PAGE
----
Das Superpaper 24
Editor: Robyn Stuart
In its initial conception, this issue of Das Superpaper was going to investigate the very special relationship between the visual arts and literature. As the issue developed we realised this was a somewhat slippery question, so to organise our ideas we turned to our faithful friend: the mind map. As we drew dots and arrows, we started thinking about mind maps generally, and how they related to our question about visual arts and literature. Diagrams that visually map information have been around for centuries, of course, but since the development of the internet, they’ve evolved into huge and unwieldy beasts. Google maintains a semantic network (that’s a fancy name for a mind map) with more than 500 million objects and 3.5 billion connections between them.
Throughout the 90s, there were scholars who thought that the internet was going to radically alter literature, encouraging a kind of multiply hyperlinked narrative that would allow you to duck and weave through the pages like a very advanced find-your-own-adventure novel. At the time, this probably felt like a natural progression for literature; the visual arts had been engaging directly with audiences for decades and hypertext provided a means for literature to do the same. But after 20+ years of this technology, literature still hasn’t invited the audience in to the extent that the visual arts has. There may be different logically cohesive ways to arrange an exhibition, but can we have a coherent text if each new reading transforms it into a new literary object?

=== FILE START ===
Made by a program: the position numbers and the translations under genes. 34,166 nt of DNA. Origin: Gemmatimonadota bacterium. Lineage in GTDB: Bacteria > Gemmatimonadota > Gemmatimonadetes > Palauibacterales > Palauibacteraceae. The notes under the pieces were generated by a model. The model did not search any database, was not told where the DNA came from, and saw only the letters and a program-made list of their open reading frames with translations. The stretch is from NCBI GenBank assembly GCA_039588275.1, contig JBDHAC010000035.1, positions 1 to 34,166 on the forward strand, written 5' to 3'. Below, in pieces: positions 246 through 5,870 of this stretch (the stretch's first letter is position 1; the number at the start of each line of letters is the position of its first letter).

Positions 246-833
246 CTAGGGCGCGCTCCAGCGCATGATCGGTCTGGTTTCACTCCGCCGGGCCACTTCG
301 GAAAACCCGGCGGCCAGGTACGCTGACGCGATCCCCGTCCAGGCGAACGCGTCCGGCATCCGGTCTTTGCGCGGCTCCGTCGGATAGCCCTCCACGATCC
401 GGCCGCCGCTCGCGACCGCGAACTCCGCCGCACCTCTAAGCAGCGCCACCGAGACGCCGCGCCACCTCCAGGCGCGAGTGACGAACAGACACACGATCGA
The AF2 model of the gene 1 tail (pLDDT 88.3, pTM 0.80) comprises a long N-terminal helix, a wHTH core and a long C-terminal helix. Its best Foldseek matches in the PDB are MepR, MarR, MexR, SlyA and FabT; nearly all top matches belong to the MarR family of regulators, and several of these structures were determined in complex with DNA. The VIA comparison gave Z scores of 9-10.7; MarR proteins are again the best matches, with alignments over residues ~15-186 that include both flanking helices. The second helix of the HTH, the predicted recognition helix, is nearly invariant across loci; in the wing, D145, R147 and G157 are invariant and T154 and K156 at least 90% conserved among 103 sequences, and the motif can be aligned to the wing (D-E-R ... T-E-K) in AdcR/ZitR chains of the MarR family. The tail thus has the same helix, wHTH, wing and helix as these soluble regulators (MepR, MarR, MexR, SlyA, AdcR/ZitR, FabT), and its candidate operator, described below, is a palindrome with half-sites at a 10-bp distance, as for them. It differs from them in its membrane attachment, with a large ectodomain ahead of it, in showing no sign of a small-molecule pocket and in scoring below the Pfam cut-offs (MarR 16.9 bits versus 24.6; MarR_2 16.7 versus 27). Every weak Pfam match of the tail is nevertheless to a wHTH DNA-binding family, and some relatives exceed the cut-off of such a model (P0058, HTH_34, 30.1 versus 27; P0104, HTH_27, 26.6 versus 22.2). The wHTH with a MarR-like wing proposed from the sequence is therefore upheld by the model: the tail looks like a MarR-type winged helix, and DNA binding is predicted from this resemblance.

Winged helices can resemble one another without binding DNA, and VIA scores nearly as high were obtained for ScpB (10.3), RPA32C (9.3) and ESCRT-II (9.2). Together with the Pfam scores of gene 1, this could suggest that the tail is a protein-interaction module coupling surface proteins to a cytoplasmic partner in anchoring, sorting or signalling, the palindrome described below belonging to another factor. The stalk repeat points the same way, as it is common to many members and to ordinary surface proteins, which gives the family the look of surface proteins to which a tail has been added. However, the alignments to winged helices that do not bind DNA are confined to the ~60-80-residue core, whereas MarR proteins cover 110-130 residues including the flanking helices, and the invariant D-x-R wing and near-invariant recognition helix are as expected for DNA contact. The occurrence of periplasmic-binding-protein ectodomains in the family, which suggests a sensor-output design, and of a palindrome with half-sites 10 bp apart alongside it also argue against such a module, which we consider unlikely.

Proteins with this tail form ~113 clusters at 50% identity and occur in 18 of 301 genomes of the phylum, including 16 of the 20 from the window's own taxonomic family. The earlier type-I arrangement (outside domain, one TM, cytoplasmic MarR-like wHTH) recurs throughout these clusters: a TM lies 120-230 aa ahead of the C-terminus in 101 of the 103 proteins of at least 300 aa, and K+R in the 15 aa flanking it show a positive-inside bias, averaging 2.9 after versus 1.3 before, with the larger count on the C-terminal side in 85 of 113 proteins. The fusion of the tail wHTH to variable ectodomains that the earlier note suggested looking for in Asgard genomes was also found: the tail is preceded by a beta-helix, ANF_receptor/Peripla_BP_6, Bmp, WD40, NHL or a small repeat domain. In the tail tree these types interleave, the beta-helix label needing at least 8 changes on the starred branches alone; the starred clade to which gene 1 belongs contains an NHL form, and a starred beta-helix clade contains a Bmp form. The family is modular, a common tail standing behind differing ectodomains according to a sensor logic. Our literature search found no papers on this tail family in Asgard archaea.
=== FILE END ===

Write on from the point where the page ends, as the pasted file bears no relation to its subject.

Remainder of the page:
We open this issue by asking curators to reflect on the literary-type devices they use to present exhibitions. Given the way that exhibitions unfold – spatially rather than linearly, experientially rather than literally – it’s not surprising that they turn to metaphors of maps, architecture and spiderwebs in their discussions.
Later in the issue, we focus in greater depth on some specific relationships between visual artists and the written word, with essays on Oscar Wilde’s The Critic as Artist, Fluxist text scores, the visual arts legacy of Samuel Beckett, and the spilt paint within Patrick White’s The Vivisector. We feature profiles on a selection of contemporary Australian artists who engage with the logic of performance, including Heath Franco, Stuart Ringholt and Marcin Wojcik. In specially commissioned artist pages, Wil Loeng responds to The Decameron, and Gregory and Watts explore Sydney’s public art (with audio guides available by scanning the QR tags).
At the point of going to print, our investigation of the relationship between literature and the visual arts is more convoluted than ever. There are so many arrows covering our mind map that we can barely see the dots anymore, and there are still hundreds that we’ve left out. But then again, incompleteness is the whole point of a mind map – it’s the ultimate case of the map not equalling the territory. In the meantime, though, happy exploring.
—Robyn Stuart & Nick Garner